Making tallow and tallow candles from fat

page: 1
14

log in

join

posted on Dec, 29 2012 @ 07:52 PM
link   
www.wilderness-survival.net...

Loved this quick little tutorial with pics. If you have other tips that go with this, or comments, please post




posted on Dec, 29 2012 @ 08:28 PM
link   
reply to post by winterkill
 

Thanks, its always good to add to the survival skills/knowledge set.



posted on Dec, 29 2012 @ 08:36 PM
link   
Excellent skill to know! Your resource was clear and accurate.
Nice find, keep em coming.



posted on Dec, 29 2012 @ 11:40 PM
link   
Remember there are also sfveral vegetable/plant sources of wax also. Wax myrtle, candleberry, etc. Will try and post a few links if and when I can get online with more than the mobike...


 
Posted Via ATS Mobile: m.abovetopsecret.com
 



posted on Dec, 30 2012 @ 09:55 AM
link   
Wow, these are great instructions. Thank you so much! Always nice to have a new skill.



posted on Dec, 30 2012 @ 10:19 AM
link   
Incredible post!

As with most skills from the frontier days, they are a long forgotten bunch.
Skills that can be learned and passed down to all generations, instead of ignored.
But with this little tutorial and write-up, anyone could feasibly make tallow candles.

There are multiple uses for tallow, besides just candles.
Once it's rendered practically safe, it can be used to cook with months after storage.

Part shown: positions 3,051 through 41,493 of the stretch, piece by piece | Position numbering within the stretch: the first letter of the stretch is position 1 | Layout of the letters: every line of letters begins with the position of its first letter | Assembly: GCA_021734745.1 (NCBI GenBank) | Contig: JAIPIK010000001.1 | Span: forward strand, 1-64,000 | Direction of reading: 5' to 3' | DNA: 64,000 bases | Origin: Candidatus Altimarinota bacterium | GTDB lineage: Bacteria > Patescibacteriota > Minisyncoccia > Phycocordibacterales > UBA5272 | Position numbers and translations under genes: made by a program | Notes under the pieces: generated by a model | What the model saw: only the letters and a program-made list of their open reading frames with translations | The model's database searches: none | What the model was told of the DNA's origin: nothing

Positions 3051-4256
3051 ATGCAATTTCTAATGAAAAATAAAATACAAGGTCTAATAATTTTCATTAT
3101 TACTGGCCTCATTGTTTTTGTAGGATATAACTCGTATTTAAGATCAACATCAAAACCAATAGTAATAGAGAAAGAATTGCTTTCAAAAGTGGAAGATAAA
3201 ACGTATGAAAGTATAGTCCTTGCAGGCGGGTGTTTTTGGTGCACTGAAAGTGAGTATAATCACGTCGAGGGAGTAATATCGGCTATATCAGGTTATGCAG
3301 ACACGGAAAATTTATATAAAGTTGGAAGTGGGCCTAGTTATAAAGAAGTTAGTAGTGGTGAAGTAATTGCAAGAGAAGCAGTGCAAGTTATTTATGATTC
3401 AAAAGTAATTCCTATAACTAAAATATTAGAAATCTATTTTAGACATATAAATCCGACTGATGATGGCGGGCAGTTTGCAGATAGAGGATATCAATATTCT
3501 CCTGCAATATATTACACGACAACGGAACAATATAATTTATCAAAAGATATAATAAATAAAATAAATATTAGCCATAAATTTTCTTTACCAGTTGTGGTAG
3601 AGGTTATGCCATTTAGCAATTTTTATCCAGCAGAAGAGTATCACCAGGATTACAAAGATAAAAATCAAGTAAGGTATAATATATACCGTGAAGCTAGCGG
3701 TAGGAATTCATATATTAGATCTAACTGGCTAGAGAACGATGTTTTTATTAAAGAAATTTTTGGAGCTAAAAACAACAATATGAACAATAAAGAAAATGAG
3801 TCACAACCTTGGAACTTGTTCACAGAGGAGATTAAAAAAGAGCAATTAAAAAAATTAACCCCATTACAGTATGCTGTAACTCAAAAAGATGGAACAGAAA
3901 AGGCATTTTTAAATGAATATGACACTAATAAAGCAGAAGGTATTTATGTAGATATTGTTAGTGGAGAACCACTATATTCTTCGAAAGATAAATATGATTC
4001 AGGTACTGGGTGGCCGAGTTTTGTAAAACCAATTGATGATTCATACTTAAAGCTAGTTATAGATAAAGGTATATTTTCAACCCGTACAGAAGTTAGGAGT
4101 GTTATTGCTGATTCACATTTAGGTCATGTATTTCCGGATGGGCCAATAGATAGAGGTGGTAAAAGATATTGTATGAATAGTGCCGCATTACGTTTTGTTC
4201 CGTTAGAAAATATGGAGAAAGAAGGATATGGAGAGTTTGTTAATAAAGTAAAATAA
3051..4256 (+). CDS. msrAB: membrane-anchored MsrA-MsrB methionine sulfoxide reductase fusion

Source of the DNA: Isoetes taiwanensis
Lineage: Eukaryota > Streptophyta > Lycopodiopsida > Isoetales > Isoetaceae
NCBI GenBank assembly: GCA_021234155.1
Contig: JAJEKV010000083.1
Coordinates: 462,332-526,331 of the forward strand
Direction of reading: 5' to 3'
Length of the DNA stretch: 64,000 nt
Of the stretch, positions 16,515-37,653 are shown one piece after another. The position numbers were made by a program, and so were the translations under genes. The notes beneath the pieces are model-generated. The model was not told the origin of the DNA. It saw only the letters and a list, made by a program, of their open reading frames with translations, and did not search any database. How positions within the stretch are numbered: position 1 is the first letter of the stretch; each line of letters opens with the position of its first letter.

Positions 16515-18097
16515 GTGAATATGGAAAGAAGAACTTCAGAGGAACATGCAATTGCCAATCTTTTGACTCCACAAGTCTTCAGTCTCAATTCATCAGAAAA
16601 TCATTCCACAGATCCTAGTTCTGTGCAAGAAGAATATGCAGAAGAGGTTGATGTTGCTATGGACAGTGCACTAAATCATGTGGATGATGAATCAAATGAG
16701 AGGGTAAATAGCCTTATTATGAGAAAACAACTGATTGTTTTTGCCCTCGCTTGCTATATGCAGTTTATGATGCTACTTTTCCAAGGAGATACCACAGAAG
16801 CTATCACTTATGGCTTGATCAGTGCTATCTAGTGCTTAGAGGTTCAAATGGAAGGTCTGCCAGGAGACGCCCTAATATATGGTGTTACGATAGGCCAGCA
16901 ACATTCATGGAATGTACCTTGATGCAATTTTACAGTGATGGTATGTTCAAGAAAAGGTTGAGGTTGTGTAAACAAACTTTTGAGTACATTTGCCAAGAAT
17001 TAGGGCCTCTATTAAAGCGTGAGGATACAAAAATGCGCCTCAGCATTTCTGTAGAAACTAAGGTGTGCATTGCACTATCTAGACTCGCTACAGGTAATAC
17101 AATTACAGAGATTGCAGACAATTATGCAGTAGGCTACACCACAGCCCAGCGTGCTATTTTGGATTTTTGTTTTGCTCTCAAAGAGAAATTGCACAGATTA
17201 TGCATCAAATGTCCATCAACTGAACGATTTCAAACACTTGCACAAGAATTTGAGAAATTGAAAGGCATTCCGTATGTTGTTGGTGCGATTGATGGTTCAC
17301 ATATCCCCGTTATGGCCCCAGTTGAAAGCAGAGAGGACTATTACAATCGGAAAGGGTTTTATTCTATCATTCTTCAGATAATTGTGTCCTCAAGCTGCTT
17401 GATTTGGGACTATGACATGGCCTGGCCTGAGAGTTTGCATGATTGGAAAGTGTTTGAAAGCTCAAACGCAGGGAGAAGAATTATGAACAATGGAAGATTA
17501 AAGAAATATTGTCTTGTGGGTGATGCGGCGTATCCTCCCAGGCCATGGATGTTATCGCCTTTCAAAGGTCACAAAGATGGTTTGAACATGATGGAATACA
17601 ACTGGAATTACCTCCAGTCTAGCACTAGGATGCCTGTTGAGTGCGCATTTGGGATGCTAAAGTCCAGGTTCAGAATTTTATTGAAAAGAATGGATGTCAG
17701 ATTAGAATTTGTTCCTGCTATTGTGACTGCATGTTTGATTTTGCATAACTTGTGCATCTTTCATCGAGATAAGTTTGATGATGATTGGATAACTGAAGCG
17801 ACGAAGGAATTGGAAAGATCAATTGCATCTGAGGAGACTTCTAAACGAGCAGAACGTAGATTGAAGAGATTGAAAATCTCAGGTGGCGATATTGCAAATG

Also, besides "duck grease"...tallow can be used for patches in some traditional firearms.
Allowing the tallow to get warm and pliable, of course.

Such a great find!
Thanks!






posted on Dec, 30 2012 @ 10:59 AM
link   
this is awesome thank you, I have moved in recent years to Africa, and this will come on handy here! Now I only need to find a substitute for a wick! S & F!



posted on Dec, 31 2012 @ 09:37 AM
link   
I'm almost embarrassed to admit that I've been saving my (filtered) bacon lard for several years in mason jars. I have about 12 jars now, each one a beautiful pearly white.

I have tried taking a small amount put into a 'shot-glass' along with a cotton-string-wick and it burnt clean with no smell. And in a pinch, I have something to grease my pans with to prevent burning.

Got to love them darn pigs!



posted on Jan, 2 2013 @ 10:18 AM
link   
reply to post by CottonwoodStormy
 


make your own wick. Twisted strings of un dyed cotton dipped in melted wax work nicely





new topics
top topics
 
14

log in

join